The above definition of employability provides a basis for analysing the policies affecting the employability of certain groups (e.g. 16 and 17-year-old school leavers), or conversely how major policy initiatives (e.g. the New Deal) impact on employability. A brief review of government initiatives in this area suggests that policy is aimed:
This policy orientation may reflect a variety of factors such as difficulties in defining, assessing and verifying ‘soft skills’, and difficulties identifying and accessing specific groups of employees at which to target limited resources.
Thus some key questions for future policy interventions include:
Finally, whatever the interventions, they need to be evaluated so that lessons can be fed back into further improvements and to the decision to continue with, change or stop such interventions. Potential measures include those relating to input measures, e.g. possession of vocational qualifications, or the receipt of labour market and how it is changing, to take account of any dead-weight effect and assess true additionality.
An alternative account of employability takes a more relative approach. Brown and Hesketh define employability as ‘the relative chances of getting and maintaining different kinds of employment’ (2004).
While most people view employability in absolute terms, focussing on the need for individuals to obtain credentials, knowledge and social status, the concept of employability can also be seen as subjective and dependent on contextual factors. ‘Employability not only depends on whether one is able to fulfil the requirements of specific jobs, but also on how one stands relative to others within a hierarchy of job seekers’ (Brown and Hesketh, 2004). Taking the supply and demand of labour into account challenges the idea that credentials, knowledge and social status alone will guarantee a good position in the labour market.
With the move to a more knowledge based economy, it is widely thought that there is an increasing demand for high-calibre managerial talent. However, a focus on obtaining skills in order to gain good employment has led to an over-supply of graduates and a larger number of contenders chasing the same top jobs. Brown and Hesketh argue that there is a clear mismatch between individuals’ expectations of employability and the realities posed by the labour market.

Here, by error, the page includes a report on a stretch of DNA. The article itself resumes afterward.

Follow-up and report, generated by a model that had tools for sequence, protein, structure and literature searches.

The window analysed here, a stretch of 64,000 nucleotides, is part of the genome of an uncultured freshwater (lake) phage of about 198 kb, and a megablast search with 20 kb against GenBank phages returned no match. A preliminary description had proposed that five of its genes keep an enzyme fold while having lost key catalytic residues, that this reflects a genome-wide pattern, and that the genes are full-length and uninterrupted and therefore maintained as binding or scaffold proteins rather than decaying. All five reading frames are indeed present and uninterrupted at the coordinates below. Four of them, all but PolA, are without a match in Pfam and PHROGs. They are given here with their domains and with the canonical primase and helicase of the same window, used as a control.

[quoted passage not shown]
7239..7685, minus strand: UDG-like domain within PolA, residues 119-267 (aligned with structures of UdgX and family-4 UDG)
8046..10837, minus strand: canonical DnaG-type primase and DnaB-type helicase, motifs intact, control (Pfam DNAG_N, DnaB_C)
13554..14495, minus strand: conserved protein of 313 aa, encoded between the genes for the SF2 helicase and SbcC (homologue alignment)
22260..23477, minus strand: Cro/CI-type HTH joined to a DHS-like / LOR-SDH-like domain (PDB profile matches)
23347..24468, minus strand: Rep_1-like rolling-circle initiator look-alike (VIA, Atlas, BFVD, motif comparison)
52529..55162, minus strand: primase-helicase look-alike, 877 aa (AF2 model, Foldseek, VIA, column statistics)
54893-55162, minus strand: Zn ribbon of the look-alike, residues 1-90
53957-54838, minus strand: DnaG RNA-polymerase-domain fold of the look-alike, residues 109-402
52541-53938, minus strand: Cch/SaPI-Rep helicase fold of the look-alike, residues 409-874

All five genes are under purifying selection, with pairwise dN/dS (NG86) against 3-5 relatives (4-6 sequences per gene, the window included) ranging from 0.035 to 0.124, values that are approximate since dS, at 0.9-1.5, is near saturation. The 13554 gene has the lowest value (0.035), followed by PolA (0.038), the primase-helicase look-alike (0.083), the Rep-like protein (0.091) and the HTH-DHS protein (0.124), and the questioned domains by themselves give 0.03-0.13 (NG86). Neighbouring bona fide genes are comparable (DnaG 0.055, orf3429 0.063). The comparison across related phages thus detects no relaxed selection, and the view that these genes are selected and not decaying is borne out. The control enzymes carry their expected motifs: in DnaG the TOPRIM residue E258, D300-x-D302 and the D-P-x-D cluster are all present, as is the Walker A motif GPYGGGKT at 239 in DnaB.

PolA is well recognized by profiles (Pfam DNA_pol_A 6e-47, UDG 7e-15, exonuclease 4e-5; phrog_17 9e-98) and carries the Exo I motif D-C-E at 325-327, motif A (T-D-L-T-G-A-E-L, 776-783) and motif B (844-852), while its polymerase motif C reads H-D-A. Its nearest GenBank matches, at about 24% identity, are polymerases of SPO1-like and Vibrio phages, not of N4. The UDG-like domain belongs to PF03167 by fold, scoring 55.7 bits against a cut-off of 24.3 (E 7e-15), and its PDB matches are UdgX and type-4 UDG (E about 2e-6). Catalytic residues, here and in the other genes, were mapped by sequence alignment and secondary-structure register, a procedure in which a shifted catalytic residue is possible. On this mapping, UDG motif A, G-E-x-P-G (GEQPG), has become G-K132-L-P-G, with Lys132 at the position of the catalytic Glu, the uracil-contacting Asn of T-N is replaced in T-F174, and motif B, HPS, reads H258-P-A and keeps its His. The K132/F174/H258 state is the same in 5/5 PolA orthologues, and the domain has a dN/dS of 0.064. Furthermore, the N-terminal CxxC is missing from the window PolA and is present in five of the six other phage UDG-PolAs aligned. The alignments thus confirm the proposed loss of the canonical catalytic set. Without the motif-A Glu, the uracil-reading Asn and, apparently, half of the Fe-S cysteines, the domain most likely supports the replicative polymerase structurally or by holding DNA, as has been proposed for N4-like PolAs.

Under these conditions, students will use a number of tactics in the labour market to maintain competitive advantage. Brown and Hesketh identify two ideal types of individuals entering the labour market. Those who will do anything to get a top job are classed as ‘players’. Players are not afraid to take on a different identity if they feel that is what the employer is looking for. The second type, 'purists', are those who believe that job market outcomes should reflect meritocratic achievement. For purists it is important to maintain an authentic sense of self as this will ensure a good fit between individual capabilities and occupational demands. Purists may be as competitive as Players but feel that Players are cheating in order to get ahead.
This view of employability incorporates the dual aspects of supply and demand of labour to show that advancing one’s position in the labour market by gaining credentials is partially dependent on structural factors outside the individual’s control. The recent financial crisis demonstrates that global economic factors can and do have a significant impact on the likelihood of an individual securing a job regardless of their skills, credentials and social status.